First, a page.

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SLAPPing e-Publius: Protecting anonymous expression and reputation in a digital age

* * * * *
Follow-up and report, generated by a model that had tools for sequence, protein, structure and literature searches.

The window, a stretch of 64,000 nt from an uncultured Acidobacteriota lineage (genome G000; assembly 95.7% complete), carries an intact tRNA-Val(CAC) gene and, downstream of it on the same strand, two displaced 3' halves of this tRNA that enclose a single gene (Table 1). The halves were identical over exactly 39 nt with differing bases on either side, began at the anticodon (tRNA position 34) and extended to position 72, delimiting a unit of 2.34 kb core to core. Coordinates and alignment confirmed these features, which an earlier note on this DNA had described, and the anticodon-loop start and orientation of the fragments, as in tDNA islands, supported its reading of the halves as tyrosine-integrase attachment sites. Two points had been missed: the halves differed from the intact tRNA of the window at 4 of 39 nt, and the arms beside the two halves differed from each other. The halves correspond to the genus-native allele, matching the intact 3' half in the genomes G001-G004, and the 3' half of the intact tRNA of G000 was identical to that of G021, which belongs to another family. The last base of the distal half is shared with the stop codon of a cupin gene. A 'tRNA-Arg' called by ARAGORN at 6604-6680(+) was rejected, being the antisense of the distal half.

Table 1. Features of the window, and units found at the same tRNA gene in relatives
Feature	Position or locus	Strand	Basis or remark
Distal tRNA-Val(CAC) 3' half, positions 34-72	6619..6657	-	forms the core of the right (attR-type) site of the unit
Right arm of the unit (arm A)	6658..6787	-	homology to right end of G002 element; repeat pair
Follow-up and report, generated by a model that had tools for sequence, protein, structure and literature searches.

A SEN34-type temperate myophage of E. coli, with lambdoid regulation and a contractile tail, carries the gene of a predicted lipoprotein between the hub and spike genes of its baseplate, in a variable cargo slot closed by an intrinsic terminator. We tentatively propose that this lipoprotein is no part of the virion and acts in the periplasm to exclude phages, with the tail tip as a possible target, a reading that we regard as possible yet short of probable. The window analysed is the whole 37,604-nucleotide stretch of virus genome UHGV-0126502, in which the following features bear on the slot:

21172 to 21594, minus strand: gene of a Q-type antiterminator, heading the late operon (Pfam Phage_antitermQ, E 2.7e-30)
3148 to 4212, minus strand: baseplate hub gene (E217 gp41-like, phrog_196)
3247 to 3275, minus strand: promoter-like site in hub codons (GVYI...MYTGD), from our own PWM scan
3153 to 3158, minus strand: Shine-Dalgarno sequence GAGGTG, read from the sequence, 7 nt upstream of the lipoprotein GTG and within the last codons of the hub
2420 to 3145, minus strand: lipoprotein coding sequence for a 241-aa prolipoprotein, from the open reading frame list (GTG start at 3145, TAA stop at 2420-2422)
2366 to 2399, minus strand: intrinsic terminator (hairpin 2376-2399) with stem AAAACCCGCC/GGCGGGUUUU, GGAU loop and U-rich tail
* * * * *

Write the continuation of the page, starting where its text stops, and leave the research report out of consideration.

Unformatted Document Text:  Running  head:  SLAPPing  e-­‐Publius     18   It is the tradition of these noble, long-standing practices of anonymous and pseudonymous journalism, literature, and political writing that plaintiffs can find difficult to overcome in attempting to force disclosure of an anonymous poster online. As Smith Ekstrand wrote, “the tales of the Founding Fathers and The Federalist Papers serve as a compelling narrative against which plaintiffs must wage a major uphill battle in any anonymous speech case. Such compelling historical narratives will continue to be extraordinarily difficult for courts in anonymous online speech cases to ignore. After all, none of us is here without Publius.” 65 This hallowed place in American democracy and the many benefits of anonymity in expression add up to great freedom to speak. 66 Anonymous speakers can be unorthodox, eccentric, and experimental without risking damage to one’s reputation, and the absence of an author’s name or byline can be important in the pure presentation of ideas. Anonymity removes reader biases or prejudices associated with any particular author, and because readers cannot rely on authorship cues, such as status markers or reputation, in interpreting and interacting with the message. Writing anonymously can eliminate or at least reduce the fear of retribution, such as being fired from one’s job or                                                                                                                 65 Victoria Smith Ekstrand, Whither Anon? Of McIntyre, Mormons, Manifestness, and the Motivations for Speaking Anonymously Online, unpublished manuscript, 42. 66 For an excellent list of “rationales for anonymity,” which includes a cataloging of many of the benefits of anonymity in expression, see Gary T. Marx, What’s in a Name? Some Reflections on the Sociology of Anonymity, 15 T HE I NFORMATION S OCIETY 99-112 (1999). This cataloging includes: to facilitate the flow of information; to obtain personal information for research; to encourage attention to the content of the message; to encourage reporting, information seeking, and self-help; to obtain a resource or encourage action involving illegality; to protect donors or those taking controversial but socially useful action; to protect strategic economic interests; to protect one’s time, space, and person; to aid judgments based on specified criteria; to protect reputation and assets; to avoid persecution; to enhance rituals, games, play, and celebrations; to encourage experimentation and risk-taking; to protect personhood; and traditional expectations (102). Marx also identifies the rationales for identifiability, which are accountability; reputation; dues paying and just deserts; organizational appetites: bureaucratic eligibility; interaction mediated by space and time; longitudinal research; health and consumer protection; currency of friendship and intimacy; social orientation to strangers; and reciprocity (105).